Inspired Recipe: Sweet-Savory Plum and Gouda Pastelitos
Food, like music and the melodic rise and fall of hurried Spanish voices, is often a backdrop for Junot Diaz’s short stories. His father works in greasy kitchens in America; his mother boils yucca for simple, cheap meals for the family; special occasions are marked by an abundance of fruits and sweets and savory pies — maybe even some pastelitos. Food helps set the scene and, like language, grounds a story in a specific place. In stories that are very much about context and location — both special and temporal — these details matter.
Pastelitos, a sort of Dominican empenada, are a staple at many of the celebrations Diaz describes. And while the idea of a deep-fried, crunchy, golden pocket of savory ground meat or sweet fruit sounds mouth-watering, like Diaz, I recognized that we — and our foods — are products of our environments. I don’t have a deep fryer, nor do I or many of my friends regularly cook deep-fried foods for ourselves. So I improvised.
I took the basic idea of a sweet and savory pocket and molded it until it made sense for my kitchen, my friends and my tastes. I subbed phyllo for the fried flour dough, and used plums instead of more tropical fruits. The result is a dish that I hope Diaz would approve of: one that blends traditions and stays true to self.
SWEET-SAVORY PLUM AND GOUDA PASTELITOS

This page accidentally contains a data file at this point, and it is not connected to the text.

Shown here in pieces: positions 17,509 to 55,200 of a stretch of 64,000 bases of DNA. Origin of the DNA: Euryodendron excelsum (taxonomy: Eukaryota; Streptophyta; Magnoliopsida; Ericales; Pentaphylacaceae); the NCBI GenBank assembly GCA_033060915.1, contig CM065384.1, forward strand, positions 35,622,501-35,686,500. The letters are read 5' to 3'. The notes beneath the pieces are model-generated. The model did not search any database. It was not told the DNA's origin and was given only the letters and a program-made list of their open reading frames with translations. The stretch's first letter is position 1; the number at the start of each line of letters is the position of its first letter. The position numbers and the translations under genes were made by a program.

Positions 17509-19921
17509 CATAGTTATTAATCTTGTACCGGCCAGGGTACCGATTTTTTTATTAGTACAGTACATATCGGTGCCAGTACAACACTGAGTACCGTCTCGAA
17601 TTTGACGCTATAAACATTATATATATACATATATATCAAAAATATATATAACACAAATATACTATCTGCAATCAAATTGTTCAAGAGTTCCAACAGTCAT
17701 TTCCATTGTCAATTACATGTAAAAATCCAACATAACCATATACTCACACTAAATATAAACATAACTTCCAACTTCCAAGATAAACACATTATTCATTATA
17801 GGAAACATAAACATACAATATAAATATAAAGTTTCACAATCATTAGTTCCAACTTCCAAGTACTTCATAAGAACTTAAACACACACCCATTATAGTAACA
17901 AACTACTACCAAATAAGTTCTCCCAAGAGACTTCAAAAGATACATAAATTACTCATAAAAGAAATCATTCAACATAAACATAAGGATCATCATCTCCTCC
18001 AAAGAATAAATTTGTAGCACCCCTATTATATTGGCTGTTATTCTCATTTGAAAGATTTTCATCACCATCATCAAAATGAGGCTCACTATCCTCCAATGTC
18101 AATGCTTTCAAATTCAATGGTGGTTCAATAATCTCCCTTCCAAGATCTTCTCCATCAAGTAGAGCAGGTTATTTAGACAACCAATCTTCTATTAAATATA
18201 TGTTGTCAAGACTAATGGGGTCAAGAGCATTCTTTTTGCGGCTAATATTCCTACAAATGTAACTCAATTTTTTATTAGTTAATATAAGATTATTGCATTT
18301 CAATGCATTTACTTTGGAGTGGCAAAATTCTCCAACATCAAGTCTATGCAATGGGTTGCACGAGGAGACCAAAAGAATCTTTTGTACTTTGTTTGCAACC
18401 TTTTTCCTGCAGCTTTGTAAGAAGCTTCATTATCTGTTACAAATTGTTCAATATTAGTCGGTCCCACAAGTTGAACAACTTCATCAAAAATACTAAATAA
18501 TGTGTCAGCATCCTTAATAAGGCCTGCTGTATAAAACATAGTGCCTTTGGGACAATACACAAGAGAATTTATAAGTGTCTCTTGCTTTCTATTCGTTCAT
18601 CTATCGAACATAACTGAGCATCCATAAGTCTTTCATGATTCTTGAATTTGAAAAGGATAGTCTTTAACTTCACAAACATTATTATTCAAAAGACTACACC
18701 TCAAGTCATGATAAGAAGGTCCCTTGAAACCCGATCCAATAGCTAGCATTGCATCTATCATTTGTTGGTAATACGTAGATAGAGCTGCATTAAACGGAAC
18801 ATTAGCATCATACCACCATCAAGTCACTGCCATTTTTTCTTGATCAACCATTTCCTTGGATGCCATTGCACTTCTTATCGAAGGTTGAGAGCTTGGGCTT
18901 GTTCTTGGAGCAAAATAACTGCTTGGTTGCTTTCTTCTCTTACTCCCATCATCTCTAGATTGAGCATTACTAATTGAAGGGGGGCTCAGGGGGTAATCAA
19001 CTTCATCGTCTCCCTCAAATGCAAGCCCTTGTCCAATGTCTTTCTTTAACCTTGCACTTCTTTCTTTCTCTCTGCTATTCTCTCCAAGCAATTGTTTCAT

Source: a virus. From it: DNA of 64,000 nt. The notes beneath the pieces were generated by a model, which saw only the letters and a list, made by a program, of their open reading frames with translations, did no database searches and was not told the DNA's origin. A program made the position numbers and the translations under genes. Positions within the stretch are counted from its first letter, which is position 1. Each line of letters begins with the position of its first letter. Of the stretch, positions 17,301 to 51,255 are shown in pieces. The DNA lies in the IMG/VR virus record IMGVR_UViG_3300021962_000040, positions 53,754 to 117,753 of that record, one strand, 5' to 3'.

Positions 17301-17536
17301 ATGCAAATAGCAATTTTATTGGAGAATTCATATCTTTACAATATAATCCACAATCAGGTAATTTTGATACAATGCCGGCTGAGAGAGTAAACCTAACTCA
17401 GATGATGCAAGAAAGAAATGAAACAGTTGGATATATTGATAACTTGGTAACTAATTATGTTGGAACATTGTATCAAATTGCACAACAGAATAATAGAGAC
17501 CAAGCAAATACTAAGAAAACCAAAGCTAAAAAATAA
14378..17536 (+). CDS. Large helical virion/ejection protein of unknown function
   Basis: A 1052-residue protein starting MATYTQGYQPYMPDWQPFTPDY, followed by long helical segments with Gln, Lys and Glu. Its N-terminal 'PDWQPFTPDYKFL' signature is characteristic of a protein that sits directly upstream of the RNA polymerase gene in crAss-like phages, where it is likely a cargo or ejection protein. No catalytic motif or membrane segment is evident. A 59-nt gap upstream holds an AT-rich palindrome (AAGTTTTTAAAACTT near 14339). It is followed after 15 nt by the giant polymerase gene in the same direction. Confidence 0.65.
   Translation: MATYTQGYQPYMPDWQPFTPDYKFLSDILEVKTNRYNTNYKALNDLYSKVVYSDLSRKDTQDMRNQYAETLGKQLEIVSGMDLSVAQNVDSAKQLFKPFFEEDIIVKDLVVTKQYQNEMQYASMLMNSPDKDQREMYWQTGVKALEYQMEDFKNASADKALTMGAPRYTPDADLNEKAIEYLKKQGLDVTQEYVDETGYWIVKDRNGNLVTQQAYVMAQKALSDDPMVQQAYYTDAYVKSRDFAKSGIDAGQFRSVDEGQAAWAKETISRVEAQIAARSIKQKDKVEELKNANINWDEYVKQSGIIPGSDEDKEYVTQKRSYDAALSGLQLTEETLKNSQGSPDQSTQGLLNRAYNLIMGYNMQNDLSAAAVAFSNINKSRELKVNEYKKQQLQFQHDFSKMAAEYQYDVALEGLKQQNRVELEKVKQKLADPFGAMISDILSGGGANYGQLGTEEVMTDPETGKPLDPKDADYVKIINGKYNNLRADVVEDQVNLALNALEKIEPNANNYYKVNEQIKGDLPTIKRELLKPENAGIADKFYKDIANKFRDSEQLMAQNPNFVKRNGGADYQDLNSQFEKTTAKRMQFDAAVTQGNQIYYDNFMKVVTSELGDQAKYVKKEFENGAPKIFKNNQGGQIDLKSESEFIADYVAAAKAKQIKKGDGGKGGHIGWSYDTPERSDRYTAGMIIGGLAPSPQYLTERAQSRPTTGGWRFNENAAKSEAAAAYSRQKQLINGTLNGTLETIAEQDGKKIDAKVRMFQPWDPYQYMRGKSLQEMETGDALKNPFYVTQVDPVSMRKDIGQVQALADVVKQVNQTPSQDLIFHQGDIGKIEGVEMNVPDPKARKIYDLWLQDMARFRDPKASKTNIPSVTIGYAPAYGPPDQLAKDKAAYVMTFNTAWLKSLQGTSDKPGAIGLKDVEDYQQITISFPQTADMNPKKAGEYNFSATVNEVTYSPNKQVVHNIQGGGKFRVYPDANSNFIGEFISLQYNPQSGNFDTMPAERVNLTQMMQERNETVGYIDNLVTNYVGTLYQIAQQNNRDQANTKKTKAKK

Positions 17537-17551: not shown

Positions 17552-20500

- 4 medium plums
- 1 teaspoon vanilla extract (or one whole vanilla bean, scraped for seeds)
- 2 tablespoons lemon juice
- 1/2 cup basil (loosely packed)
- 1 packet frozen phyllo dough (must be thawed ahead of time)
- 2 tablespoons butter (melted)
- 6oz gouda cheese (shredded)
- 1 tablespoon sugar (optional)
For plum filling
Preheat the oven to 400°F. Begin by slicing the plums into ½-inch thick segments. In a medium bowl, toss the slices with lemon juice, vanilla extract (or vanilla seeds), and basil (cut in a chiffonade) and sugar if desired. Place the plum slices on a baking sheet lined with aluminum foil or parchment paper (for easier cleanup). Bake for about 15 minutes, or until the plums are very soft and juice is bubbling. Remove from oven, place back into the bowl, and set aside.
Turn oven down to 350°F. Thaw phyllo dough according to package instructions. Using a knife or pizza cutter, cut stacked dough into 5" squares. Move squares to a baking sheet lined with parchment paper or aluminum foil. Brush each square lightly with melted butter. In the center of each square, pile a small heap of shredded Gouda and a few plum slices. Fold dough into triangles and seal the edges by pressing down. Bake according to package instructions, generally about 15 minutes. Remove from oven and serve warm for breakfast, lunch or dessert.
Now that you’re good and hungry, read our recommendation of the book that inspired this recipe: Drown.